24 January 2011

The First Paragraph

I have always had a hard time writing the beginning of stories, mostly because of a conflict I have: I have always been torn between how I want a story to begin and how I think it should begin.
I feel and believe that a first paragraph should be clean and simple.  It should make the audience ask a question and also give the promise that all questions will be answered if the rest of the piece is read.  The question shouldn’t be, ‘what on earth are they trying to write about?’  The writing should be clear, not wordy, so that the reader absolutely understands what is being written.  Know, that I mean the reader understands not the answers to questions raised, but the writing in and of itself.
On the other hand, I have thought a first paragraph should be eloquent and make great use of vocabulary- in a sense, wordy.  It should be interesting- maybe an exciting event or action scene.  It does not have to stand alone.
Nathan Bransford, a writer and past agent, is holding a challenge on his blog.  The challenge is to write a first paragraph, that paragraph is posted in the comments section of the blog entry and very cool prizes are awarded to the winner.  Definitely check it out, his blog in general is pretty awesome (www.nathanbransford.com).
This is the paragraph I wrote this morning while straightening my hair:
                The soup was poisoned. Henry knew it. He watched as she carefully lifted the spoon to her lips, tasted it with her tongue, and then let the concoction slide down her throat. With childish glee, he wondered how long it would take her to die.
I like this paragraph because it is simple and clean.  It raises great questions (who is Henry and who is the woman? Did Henry poison the woman? Why does someone want her to die?) These are easy questions for the reader to develop and also there is the potential for very interesting answers.  It maybe not be an action sequence, but it still grabs the readers attention.
Anyways, I’m not sure what most people think a first paragraph should be like, but I think I’ll stick to my idea of clean and simple writing.
I also challenge you all to write a paragraph AND post it here- if you feel so inclined!


  1. I just read your first paragraph and thought I'd let you know that I really liked it. Good job.

  2. Thank you! I'm so glad you checked out my blog and liked the paragraph :)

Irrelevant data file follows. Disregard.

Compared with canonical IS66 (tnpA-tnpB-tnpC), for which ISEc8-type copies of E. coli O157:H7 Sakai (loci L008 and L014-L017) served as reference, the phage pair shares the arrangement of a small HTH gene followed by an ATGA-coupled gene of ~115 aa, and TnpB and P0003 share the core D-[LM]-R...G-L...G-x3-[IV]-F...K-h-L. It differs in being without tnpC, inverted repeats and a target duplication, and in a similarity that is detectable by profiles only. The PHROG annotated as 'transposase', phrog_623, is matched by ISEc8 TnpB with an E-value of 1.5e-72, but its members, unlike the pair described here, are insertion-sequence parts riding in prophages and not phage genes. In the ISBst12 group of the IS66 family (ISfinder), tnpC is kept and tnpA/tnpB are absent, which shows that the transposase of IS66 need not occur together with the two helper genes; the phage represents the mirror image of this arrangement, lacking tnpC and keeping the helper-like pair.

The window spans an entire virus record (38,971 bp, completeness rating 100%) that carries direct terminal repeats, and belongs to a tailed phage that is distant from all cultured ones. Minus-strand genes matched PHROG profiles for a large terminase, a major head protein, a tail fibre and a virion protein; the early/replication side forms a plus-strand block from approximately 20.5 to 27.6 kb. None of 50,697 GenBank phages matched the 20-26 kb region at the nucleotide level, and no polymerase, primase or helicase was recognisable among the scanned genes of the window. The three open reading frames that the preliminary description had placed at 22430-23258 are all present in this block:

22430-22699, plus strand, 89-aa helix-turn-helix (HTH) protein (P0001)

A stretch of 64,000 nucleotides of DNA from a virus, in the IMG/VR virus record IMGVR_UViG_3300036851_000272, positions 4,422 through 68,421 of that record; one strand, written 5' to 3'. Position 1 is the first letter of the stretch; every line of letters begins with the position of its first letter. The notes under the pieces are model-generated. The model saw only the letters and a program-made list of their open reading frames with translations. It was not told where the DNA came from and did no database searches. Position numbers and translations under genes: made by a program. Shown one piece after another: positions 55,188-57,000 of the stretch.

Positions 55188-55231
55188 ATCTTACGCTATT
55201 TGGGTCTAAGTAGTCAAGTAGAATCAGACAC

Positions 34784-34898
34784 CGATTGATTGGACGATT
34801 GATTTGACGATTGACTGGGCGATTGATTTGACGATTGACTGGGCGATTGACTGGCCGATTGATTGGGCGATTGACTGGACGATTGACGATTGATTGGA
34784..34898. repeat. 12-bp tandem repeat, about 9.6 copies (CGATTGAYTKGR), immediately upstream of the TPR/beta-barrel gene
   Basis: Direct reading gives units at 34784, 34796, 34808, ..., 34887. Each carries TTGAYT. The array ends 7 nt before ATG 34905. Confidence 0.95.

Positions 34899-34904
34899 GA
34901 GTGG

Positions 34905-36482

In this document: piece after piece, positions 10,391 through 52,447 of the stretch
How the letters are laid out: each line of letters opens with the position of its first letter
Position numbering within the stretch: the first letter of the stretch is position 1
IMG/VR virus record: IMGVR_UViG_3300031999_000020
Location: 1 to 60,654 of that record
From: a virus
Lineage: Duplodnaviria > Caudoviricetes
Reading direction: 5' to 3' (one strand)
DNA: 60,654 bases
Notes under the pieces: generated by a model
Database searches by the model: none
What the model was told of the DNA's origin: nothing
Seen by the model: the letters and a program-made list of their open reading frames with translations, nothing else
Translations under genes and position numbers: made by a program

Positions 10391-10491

3. I liked your first paragraph entry so much I had to come to your blog and say hi!

  4. This first paragraph takes a giant turn with Henry's response, "with childish glee". Obviously that's a completely inapropriate response for a who we assume might be an adult, and so throws LOTS of questions up in the air for the reader! Yep, clean, simple, quick writing in your paragraph, but that one phrase of Henry's response really turns on the story's conflict!

  5. Sophia, I'm so glad you liked my paragraph and came to visit!

    Thanks, Dad for your thoughts. I liked that little twist too!

  6. Hey Juliana Stumbled on your blog by way of Facebook. Way to go and keep writing. Don't forget you have another writer in your network of support. Haven't posted for a while but for what it's worth ... http://nobrokenbones.wordpress.com/

    :-) Love from MN, Susie

  7. Thanks Susie. You should post again on your blog!

  8. I wish I knew where Henry was in relation to "her." Is he sitting across the table from her? Peeking around the corner from the kitchen? It makes a difference to me, for some reason. I'm guessing he's peeking from somewhere, otherwise the childish glee he exhibits might cue the soup-eater that something is amiss...Does Henry know the soup is poisoned because he actually did it? The apparently simple paragraph has raised a whole host of questions for me--ones that I would love to have answered by continuing to read, so it seems that you've got me hooked. Gosh, what happens next?!?

  9. FYI--Bernette is Aunt Lynn, and not Grandma Bunny!